One of the most fun aspects of a long cycling trip starts weeks or even months before departure: Route Planning.
Maps are one of my favourite things. They are, in and of themselves, a “choose your own adventure” story. Choose your mode of transportation, in my case a bike, and follow the lines with your finger. No, not the big thick highway lines, those are filled with cars and trucks, stressful, polluted, and dangerous. Pick the thinner ones. Imagine a stop to watch for waterfowl as you cross a big river. Imagine the people you will meet in the village on the other side. Think about where a day’s ride, 80-120 km to be comfortable, might take you and where would you stay when you arrived? Where could your next day’s ride take you from there? And the next? Where would be a nice place to spend a relaxing day or two of rest? Follow that path for an hour or so. Now go back to your starting point and follow a different road. What’s the story on that route? Do you like it better than the first one? Oh look! You’ve just spent an entire day imagining a hundred different trips with a hundred different stories to be found in each.
As I prepare for a few weeks on the road in India, I am overwhelmed with choice. The ride will likely start in or near Delhi because that’s where our flight lands – and I don’t want to haul a bike around too far when I can just ride it. But where to go from there? Do I head north in to the Himalayan foothills? (Not too far, it’s likely to be colder than I”d like if I get too far north), west in to Rajasthan and Gujarat? East toward Kolkata? Or south toward Madhya Pradesh and beyond?
In the end I know whatever direction I go I will have a wonderful and memorable time because it’s as much about the small things: talking to people in a village at a lunch stop, as it is about seeing a monument or museum. But like I mentioned before when we were in New York City, a destination is useful to provide a direction and sense of purpose. It is along the route dictated by the direction that all of the adventures happen.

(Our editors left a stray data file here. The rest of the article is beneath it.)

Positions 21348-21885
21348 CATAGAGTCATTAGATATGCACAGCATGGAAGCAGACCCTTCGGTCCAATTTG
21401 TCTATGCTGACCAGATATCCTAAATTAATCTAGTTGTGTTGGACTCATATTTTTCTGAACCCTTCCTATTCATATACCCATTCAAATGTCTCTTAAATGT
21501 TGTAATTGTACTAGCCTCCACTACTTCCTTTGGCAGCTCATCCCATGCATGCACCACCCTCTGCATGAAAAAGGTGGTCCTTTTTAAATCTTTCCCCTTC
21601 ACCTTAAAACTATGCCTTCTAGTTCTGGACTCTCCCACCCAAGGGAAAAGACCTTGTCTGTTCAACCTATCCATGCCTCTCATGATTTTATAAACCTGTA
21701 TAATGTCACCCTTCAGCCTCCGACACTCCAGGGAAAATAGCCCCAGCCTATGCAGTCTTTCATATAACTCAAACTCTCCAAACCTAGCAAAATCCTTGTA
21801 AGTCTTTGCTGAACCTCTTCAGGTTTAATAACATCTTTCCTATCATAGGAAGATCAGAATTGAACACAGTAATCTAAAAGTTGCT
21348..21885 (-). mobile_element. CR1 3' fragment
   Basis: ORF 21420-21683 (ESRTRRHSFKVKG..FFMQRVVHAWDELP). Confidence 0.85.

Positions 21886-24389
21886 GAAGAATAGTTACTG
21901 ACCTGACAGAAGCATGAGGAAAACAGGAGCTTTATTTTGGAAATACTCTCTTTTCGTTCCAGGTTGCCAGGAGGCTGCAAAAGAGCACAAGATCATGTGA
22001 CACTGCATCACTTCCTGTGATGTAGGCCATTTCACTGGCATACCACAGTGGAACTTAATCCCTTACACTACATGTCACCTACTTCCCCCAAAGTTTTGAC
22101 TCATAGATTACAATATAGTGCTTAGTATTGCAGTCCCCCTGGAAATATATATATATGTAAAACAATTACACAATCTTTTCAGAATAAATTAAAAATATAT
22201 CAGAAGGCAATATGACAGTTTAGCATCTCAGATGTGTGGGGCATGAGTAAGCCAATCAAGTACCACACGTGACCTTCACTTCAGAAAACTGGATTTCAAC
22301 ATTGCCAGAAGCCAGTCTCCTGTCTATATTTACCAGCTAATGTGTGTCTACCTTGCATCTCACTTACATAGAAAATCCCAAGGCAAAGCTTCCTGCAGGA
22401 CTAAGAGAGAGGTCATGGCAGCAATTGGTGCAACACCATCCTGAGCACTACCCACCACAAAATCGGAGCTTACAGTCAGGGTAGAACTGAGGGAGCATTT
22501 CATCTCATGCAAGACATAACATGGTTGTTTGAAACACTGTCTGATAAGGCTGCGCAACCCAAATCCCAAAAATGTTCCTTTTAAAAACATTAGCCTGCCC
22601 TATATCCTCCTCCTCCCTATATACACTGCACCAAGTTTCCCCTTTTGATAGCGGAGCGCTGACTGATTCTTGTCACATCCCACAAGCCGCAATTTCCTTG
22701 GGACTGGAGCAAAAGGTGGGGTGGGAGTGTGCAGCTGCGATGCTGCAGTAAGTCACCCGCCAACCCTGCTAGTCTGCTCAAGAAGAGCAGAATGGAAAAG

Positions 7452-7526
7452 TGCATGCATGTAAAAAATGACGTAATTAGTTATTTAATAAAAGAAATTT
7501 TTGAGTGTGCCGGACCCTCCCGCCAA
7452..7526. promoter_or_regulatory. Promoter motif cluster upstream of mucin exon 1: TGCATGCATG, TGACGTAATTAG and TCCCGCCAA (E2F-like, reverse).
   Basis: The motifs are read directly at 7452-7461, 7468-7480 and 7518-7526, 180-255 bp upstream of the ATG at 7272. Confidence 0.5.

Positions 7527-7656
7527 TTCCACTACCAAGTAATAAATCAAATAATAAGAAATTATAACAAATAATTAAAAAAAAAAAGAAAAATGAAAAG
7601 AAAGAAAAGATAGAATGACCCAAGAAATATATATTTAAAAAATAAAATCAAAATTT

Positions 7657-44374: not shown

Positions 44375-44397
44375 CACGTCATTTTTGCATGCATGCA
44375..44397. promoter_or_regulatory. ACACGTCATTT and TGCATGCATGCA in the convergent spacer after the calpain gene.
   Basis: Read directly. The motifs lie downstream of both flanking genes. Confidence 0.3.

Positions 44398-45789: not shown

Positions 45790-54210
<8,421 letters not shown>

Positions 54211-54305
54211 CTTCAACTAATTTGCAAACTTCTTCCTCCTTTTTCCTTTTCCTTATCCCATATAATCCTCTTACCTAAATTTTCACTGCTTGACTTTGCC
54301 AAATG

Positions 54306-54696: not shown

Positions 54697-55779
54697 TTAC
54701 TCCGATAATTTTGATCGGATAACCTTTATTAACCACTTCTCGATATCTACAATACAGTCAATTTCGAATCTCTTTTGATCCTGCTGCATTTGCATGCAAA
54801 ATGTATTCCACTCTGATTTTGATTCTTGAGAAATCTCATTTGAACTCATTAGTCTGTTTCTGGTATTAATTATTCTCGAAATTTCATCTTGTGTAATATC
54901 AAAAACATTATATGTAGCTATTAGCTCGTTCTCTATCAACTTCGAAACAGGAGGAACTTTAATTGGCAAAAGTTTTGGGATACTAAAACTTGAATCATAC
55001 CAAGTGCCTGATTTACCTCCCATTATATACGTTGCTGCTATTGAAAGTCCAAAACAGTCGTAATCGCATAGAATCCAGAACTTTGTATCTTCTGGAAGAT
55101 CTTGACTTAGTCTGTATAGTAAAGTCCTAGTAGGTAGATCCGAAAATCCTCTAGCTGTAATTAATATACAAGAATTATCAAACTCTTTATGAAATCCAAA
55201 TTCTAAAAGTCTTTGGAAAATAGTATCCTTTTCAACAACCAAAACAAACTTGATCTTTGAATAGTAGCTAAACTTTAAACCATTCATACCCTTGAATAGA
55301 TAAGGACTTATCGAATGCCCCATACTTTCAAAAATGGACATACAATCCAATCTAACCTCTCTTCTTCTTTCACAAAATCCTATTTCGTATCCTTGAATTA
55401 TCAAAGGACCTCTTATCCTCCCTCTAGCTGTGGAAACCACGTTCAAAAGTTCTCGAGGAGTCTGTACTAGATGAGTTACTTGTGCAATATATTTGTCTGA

So this is where I’m calling on you, dear readers. What are the places you love in India? They don’t have to be tourist spots, in fact, if you are already living there, what are the places that make you love where you live? Is there a snack stall in a neighbourhood you keep going to? A temple that makes you feel peaceful every time you go, a park that cheers you up just by being there, or somewhere that just makes you think. Or are there places that you love just because of a personal story you have from when you were there. To give you comparable examples, if you were to ask me this question about Toronto, I’d want to take you to the Toronto Reference Library because it is so beautiful and is, in my opinion, like a temple for books and knowledge, on to the Toronto Islands because they’re so peaceful and free of cars and yet so close to the city. And we could make several trips to Scarborough because whatever food you craved from anywhere in the world could be found there.
Add your suggestions as comments below. I’ll take everyone’s suggestions and plot them on a Google Map that I’ll add to this entry and keep updated. As we get closer to departure day, I will use them to figure out a general route to take and share that as well. And if I happen to pass through where you live, I’d definitely love to say hi and meet for coffee or chai.